Opinion: MDGs, Water And A Dying Nation (2)

Opinion: MDGs, Water And A Dying Nation (2)

By Opinions | The Trent on March 3, 2015
water child drinking

by Sulaimon Mojeed-Sanni

The proposed interventions were to be “drilling one motorised borehole in each of the 109 senatorial districts, rehabilitating 1,000 dysfunctional hand pump boreholes in 18 states, supplying and installing 10 special water treatment plants, and completing all abandoned urban/semi-urban water supply projects.” Nearly three years on, one cannot categorically point at these projects as finished or abandoned. President Goodluck Jonathan in 2011 declared, “No Nigerian child in the next few years shall trek long distances to carry water.” As of the end of 2014, women and children in the Langtang area of Plateau State still travel long distances to get water. The Guardian Newspaper front page of February 17 had a picture of school age children with buckets looking for water in Gombe metropolis. The same scenario goes for many urban and rural communities within the country; the government of the day has failed in bringing something as essential as water to us without sweat.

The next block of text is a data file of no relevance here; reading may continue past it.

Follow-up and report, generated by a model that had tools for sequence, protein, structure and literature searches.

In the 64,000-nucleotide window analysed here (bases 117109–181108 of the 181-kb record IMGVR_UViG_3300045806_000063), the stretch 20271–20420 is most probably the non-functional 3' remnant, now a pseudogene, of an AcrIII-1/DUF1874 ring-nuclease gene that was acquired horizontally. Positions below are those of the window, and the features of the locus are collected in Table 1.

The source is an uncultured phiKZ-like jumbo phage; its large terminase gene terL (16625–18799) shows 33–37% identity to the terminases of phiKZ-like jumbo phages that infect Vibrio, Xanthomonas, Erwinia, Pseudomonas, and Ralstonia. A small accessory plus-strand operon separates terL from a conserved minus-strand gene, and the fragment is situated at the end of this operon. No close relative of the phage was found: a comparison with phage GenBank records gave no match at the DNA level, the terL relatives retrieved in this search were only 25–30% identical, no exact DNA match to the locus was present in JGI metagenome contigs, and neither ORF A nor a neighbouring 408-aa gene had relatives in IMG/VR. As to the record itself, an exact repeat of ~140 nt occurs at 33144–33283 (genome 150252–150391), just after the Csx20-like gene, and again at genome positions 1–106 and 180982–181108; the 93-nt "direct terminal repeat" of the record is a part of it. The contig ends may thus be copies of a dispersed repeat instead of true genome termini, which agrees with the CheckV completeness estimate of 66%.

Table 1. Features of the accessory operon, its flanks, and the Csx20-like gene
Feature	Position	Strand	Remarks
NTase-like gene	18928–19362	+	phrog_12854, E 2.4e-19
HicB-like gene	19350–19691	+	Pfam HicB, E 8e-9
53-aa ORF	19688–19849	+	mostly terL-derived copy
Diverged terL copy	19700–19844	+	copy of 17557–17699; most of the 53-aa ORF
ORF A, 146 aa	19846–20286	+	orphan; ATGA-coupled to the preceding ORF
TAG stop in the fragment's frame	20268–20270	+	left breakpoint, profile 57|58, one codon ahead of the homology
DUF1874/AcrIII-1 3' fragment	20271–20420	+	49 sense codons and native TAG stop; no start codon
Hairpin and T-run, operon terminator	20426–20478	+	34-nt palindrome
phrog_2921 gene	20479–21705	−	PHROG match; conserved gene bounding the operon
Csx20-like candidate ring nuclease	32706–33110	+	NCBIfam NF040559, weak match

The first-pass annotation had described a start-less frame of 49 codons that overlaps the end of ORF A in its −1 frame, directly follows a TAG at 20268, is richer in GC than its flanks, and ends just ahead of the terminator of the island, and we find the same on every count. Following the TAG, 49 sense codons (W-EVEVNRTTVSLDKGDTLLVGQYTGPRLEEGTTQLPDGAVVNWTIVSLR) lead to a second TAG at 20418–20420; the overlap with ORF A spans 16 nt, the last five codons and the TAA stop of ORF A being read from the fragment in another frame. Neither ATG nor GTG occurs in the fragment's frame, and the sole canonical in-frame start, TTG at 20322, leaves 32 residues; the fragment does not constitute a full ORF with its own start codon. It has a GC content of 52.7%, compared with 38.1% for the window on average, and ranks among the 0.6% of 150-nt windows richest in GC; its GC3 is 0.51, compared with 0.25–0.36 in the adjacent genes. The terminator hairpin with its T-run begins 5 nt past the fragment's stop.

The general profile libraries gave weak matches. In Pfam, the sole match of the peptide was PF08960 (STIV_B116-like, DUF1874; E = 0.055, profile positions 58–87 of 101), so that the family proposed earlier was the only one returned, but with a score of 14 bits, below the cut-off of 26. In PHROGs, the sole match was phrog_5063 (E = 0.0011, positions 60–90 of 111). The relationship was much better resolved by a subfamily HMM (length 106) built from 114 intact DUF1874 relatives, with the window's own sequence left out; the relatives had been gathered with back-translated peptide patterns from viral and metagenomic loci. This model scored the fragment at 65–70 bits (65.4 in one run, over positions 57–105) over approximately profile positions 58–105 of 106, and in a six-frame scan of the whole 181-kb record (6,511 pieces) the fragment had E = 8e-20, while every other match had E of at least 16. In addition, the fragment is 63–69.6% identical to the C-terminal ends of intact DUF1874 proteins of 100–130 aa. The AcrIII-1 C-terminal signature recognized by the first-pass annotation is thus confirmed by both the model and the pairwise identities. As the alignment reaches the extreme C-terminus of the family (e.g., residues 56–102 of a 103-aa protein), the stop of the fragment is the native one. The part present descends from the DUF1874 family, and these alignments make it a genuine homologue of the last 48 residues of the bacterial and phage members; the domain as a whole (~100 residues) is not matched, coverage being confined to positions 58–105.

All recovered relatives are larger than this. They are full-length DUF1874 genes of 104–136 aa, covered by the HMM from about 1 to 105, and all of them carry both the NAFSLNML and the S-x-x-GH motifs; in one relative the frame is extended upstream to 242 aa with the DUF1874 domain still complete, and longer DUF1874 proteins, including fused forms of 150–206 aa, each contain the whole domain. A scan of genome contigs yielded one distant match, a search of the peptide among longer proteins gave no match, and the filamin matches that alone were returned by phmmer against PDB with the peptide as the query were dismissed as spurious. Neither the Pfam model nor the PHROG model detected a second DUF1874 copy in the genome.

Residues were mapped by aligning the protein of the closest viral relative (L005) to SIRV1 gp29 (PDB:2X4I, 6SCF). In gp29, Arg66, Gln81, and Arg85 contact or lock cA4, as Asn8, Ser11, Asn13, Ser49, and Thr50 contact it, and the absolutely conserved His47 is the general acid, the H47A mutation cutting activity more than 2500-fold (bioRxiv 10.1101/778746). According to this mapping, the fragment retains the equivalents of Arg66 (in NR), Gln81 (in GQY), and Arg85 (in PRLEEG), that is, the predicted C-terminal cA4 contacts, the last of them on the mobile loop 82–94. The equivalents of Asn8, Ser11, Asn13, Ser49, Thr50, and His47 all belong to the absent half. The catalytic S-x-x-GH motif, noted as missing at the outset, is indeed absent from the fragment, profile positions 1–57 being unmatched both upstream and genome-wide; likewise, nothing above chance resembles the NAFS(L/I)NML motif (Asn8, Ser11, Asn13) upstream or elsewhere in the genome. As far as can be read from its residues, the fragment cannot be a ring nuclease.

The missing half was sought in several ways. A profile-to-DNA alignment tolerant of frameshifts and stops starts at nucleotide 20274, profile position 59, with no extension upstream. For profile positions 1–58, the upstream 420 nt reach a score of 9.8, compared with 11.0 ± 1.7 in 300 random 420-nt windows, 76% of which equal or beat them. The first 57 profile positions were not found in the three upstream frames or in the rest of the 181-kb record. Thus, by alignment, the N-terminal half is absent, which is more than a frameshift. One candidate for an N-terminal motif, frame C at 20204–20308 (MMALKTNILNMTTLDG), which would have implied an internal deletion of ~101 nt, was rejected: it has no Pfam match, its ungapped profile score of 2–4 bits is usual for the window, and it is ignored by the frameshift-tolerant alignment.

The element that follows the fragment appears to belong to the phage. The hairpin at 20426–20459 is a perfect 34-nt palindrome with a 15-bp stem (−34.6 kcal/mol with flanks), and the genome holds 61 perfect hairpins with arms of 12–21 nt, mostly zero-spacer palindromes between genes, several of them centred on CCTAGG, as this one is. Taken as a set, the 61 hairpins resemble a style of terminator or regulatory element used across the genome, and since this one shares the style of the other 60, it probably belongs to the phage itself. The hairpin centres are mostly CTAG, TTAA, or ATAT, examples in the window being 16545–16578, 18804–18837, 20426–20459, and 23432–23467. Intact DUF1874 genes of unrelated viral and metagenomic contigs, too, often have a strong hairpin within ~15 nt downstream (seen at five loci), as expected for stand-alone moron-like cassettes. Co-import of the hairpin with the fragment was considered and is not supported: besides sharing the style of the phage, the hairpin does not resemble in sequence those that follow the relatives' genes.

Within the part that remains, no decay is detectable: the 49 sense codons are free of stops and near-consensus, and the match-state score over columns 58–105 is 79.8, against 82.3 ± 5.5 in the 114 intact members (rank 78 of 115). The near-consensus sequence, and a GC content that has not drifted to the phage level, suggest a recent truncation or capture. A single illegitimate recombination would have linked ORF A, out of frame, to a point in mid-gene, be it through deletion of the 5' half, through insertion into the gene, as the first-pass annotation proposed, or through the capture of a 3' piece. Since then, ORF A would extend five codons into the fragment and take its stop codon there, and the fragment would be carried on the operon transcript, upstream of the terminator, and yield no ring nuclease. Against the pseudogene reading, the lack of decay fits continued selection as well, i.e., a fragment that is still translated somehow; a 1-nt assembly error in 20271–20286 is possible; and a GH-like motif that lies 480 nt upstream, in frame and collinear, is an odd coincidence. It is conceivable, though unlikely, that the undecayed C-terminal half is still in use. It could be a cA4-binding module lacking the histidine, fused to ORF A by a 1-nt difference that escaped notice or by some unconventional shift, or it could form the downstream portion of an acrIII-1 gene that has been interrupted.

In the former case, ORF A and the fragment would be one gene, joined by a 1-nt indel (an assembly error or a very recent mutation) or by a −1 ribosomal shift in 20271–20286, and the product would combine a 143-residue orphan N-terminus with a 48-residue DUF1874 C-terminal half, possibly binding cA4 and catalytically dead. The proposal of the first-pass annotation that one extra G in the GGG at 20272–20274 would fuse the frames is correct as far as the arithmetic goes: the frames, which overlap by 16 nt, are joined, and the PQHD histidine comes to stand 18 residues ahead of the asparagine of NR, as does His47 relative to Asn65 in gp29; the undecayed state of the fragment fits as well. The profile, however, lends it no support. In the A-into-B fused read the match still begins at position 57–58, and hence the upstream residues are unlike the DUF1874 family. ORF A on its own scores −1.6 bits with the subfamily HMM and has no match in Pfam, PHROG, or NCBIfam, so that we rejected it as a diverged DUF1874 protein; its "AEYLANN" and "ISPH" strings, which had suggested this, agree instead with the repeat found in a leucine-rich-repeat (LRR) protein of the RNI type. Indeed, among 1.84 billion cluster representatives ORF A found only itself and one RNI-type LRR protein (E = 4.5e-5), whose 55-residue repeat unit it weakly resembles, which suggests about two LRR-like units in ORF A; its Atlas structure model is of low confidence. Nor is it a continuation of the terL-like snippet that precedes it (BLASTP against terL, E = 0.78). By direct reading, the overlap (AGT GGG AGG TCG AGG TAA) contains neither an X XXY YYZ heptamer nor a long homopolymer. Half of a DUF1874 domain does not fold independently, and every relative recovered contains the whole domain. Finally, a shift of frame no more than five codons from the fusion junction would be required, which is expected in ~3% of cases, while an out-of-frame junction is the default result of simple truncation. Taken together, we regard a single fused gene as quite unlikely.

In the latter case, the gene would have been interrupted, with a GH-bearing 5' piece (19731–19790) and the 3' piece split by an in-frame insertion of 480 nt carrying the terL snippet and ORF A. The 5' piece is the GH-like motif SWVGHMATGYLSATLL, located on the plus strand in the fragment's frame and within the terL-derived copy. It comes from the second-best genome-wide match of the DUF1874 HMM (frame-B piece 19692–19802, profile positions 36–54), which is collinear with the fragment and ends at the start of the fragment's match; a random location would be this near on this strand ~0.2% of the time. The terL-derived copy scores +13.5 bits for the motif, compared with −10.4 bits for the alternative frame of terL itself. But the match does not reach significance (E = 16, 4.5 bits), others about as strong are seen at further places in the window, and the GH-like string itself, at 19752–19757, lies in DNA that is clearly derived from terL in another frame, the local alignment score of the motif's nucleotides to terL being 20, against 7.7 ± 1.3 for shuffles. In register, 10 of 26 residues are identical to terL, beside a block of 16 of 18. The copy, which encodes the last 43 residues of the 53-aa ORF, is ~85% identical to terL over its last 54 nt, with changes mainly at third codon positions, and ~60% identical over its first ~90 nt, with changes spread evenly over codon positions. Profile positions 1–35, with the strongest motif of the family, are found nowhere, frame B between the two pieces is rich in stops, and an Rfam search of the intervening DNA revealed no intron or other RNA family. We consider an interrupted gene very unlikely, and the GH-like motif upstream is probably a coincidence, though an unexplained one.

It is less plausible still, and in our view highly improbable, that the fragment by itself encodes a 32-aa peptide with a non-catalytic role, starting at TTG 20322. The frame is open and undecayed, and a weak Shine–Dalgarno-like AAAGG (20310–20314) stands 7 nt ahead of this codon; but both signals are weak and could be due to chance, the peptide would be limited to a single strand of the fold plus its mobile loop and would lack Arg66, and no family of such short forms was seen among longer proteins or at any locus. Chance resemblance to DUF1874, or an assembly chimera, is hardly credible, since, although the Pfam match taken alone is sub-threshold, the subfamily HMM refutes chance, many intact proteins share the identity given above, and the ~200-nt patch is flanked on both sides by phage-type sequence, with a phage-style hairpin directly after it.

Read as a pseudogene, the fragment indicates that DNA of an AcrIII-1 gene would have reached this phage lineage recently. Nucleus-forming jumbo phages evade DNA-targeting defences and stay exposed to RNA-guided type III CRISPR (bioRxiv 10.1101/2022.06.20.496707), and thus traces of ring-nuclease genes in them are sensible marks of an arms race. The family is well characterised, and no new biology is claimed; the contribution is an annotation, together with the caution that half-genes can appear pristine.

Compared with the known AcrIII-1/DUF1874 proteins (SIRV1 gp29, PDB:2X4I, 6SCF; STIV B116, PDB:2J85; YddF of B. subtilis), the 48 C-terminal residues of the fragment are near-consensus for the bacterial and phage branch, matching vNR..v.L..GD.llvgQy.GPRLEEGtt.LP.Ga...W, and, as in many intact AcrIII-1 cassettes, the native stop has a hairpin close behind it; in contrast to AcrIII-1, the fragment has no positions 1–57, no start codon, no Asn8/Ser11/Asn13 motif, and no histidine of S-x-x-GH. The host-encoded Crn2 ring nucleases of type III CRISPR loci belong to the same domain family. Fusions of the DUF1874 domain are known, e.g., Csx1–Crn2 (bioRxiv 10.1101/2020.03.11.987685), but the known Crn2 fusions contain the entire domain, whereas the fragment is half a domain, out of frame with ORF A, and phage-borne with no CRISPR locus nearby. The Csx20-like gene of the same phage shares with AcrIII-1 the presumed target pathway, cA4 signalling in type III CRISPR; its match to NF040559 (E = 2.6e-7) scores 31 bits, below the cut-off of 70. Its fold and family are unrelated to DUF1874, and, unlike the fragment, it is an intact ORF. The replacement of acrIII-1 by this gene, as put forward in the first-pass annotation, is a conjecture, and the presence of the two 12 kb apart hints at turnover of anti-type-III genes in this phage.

In a Joint Monitoring Programme of WHO/UNICEF for water and sanitation in 2012, it was estimated that based on progress in the past, it would take 28 years for Nigeria to meet the target of making water available to 75 per cent of her citizens. The JMP reports show that between 1990 and 2010, there was only 11 percentage point increase in access to improved water supply in Nigeria. Currently, 58 per cent of the country’s 160 million people have access to potable water. The report noted that for the Nigerian government to deliver on its promise of 75 per cent coverage by 2015, access must increase by 17 percentage points within the next three years.

But rather than improve, the country is in a fix. Last year, Water Aid Nigeria, an international non-governmental organisation, estimated that 112 million Nigerians lack access to basic sanitation and clear water. However, as against obvious reality, President Jonathan during the 2015 New Year broadcast asserted that access to potable water had improved from 57 per cent to 70 per cent, this presupposed government had been resilient in meeting its target. But budgetary allocations to water and sanitation sector have been fluctuating. In 2010, the Federal Government budgeted N112bn for water and sanitation but by 2011, budgetary allocations had dropped to N62bn. For 2012, the budget for water was only N39bn, while in 2013, the budget for Water Resources grew to N84.2bn.